It's no secret that the Fort Wayne Children’s Zoo
is one of the top zoos in the nation, but the lesser-told side of the story is that of the zookeepers and other professionals who make the magic happen.
While the animals are naturally the main attraction for visitors, a lot goes on behind the scenes at the zoo, where staff members work tirelessly to maintain the facilities and impact the welfare of endangered wildlife worldwide.
For nearly 30 years, Zookeeper Dave Messman has been among the staff at the Fort Wayne Children's Zoo, and he says he's developed professionally as the zoo has grown
. What started as a part-time job in high school for him evolved into his full-time career.
Although Messman is not formally educated in zoology, he says the on-the-job experience has prepared him for success in the role. Plus, working with younger and ambitious staff over the years has been a boon to his career.
“You’ve got to be on your toes because there's a lot of very educated people wanting to work with animals, and they're super qualified to do it at a lot younger age,” he says.
In addition to the positive atmosphere, the job brings something different every day because life can be unpredictable when you're working with animals and new visitors.
"There's nothing boring about it at all," he says.
On a day-to-day level, he is charged with looking after various members of the animal kingdom, specifically the reptiles, amphibians, and insects. His greatest pleasure, though, has been caring for the Komodo dragon.
"When we opened the Indonesian rainforest section of the zoo, I got to go with our curator at that time to Cincinnati to pick her up from there,” Messman says. “She was only three months old, and now she's 25 years old. It’s been fun to work with her all these years. But, you know, other different animals come and go, and you have favorites.”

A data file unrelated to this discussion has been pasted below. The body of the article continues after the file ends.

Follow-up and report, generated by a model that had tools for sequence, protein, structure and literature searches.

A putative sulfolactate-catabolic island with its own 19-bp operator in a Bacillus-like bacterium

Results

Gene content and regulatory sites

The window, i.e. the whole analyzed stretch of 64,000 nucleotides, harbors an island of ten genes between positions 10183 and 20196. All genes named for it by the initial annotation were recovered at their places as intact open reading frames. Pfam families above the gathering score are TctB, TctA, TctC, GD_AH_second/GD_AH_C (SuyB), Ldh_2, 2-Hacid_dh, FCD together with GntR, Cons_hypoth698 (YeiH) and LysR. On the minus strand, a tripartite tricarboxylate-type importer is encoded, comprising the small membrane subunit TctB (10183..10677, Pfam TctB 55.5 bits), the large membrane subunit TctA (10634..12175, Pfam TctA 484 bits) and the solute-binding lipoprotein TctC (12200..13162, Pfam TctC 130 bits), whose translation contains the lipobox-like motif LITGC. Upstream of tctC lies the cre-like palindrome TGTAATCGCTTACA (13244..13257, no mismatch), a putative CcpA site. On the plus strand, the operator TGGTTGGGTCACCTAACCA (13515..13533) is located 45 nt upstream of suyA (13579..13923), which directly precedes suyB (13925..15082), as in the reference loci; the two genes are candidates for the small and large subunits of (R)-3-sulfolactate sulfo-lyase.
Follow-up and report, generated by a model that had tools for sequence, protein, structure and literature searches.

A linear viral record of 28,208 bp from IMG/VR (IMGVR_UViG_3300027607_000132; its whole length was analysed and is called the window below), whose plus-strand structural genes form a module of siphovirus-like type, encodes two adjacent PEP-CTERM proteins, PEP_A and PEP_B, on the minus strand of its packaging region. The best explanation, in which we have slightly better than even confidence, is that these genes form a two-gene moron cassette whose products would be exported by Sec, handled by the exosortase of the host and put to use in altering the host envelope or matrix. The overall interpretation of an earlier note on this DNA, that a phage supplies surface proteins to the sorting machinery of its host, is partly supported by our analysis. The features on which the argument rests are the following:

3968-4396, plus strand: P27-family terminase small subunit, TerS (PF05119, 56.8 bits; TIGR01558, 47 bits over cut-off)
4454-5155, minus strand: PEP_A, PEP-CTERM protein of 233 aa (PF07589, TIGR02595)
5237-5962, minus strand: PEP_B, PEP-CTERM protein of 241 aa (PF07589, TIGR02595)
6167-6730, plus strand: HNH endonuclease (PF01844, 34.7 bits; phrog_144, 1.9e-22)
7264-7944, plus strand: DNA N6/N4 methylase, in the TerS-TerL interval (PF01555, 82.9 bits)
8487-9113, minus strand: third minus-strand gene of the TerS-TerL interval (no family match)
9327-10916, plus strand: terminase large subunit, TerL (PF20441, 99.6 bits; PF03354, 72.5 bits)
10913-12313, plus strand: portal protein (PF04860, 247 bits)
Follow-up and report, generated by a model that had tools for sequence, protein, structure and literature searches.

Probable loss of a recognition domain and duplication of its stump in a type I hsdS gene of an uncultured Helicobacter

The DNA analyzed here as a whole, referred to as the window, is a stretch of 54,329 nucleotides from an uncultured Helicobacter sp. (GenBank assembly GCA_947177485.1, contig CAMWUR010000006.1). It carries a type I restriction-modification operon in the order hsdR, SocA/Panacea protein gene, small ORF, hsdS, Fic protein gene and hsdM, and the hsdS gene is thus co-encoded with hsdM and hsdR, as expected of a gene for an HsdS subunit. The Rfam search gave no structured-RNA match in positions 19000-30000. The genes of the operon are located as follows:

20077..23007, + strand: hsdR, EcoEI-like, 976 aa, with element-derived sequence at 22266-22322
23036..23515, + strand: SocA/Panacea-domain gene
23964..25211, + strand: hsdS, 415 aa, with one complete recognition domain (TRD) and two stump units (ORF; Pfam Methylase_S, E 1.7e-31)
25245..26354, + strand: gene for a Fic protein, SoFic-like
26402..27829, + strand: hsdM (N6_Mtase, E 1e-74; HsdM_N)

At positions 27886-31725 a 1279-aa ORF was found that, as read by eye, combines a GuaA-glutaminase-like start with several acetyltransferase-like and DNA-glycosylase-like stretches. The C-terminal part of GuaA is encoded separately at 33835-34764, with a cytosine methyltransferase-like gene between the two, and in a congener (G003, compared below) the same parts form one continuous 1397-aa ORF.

Messman is no stranger to forging bonds with the animals. But there’s more to it than just being an animal lover, he says. Both hard and soft skills are needed to be good at his job. His advice to aspiring zookeepers is to be able work on their own, be motivated to work hard, and to challenge themselves.
The job requires a great deal of research into animal welfare and biology. Training and enrichment opportunities come with the territory, too.
Messman works year-round, even when the zoo is closed to the public. He says there’s also an element of preservation and conservation
to the job that patrons might not be aware of.
“There's some spots around the zoo that might look like they're overgrown, like, underneath our Sky Safari ride (in the African Journey area),” Messman explains. “There's a hill, and it's got a lot of native wildflowers on it, which are good for the pollinators. We keep those spots hidden a little bit, but if you can keep certain areas looking natural then, the animals will be more at home (similar to in their natural habit)."
Messman and his team take pride in the opportunity to protect wildlife so that it’s around for generations to come. For example, he says the plight of the sea turtle is a hot-button issue, as many are threatened or endangered.
The World Wildlife Fund
says nearly all species of sea turtle are classified as endangered—killed for their eggs, meat, skin, and shells.
"Sea turtles suffer from poaching and over-exploitation," the Fund says. "They also face habitat destruction and accidental capture in fishing gear. Climate change has an impact on turtle nesting sites. It alters sand temperatures, which then affects the sex of hatchlings.”
For these reasons, Messman is happy the Fort Wayne Children’s Zoo is a stakeholder in the turtles’ conservation.
“We have a really good program with breeding those here, and so we've hatched out quite a few,” he says. “Those are the kinds of highlights that are pretty neat to see.”
Cool Jobs is a feature on Input Fort Wayne, highlighting members of the northeast Indiana community who have unique or interesting jobs here. To suggest an idea, email email@example.com.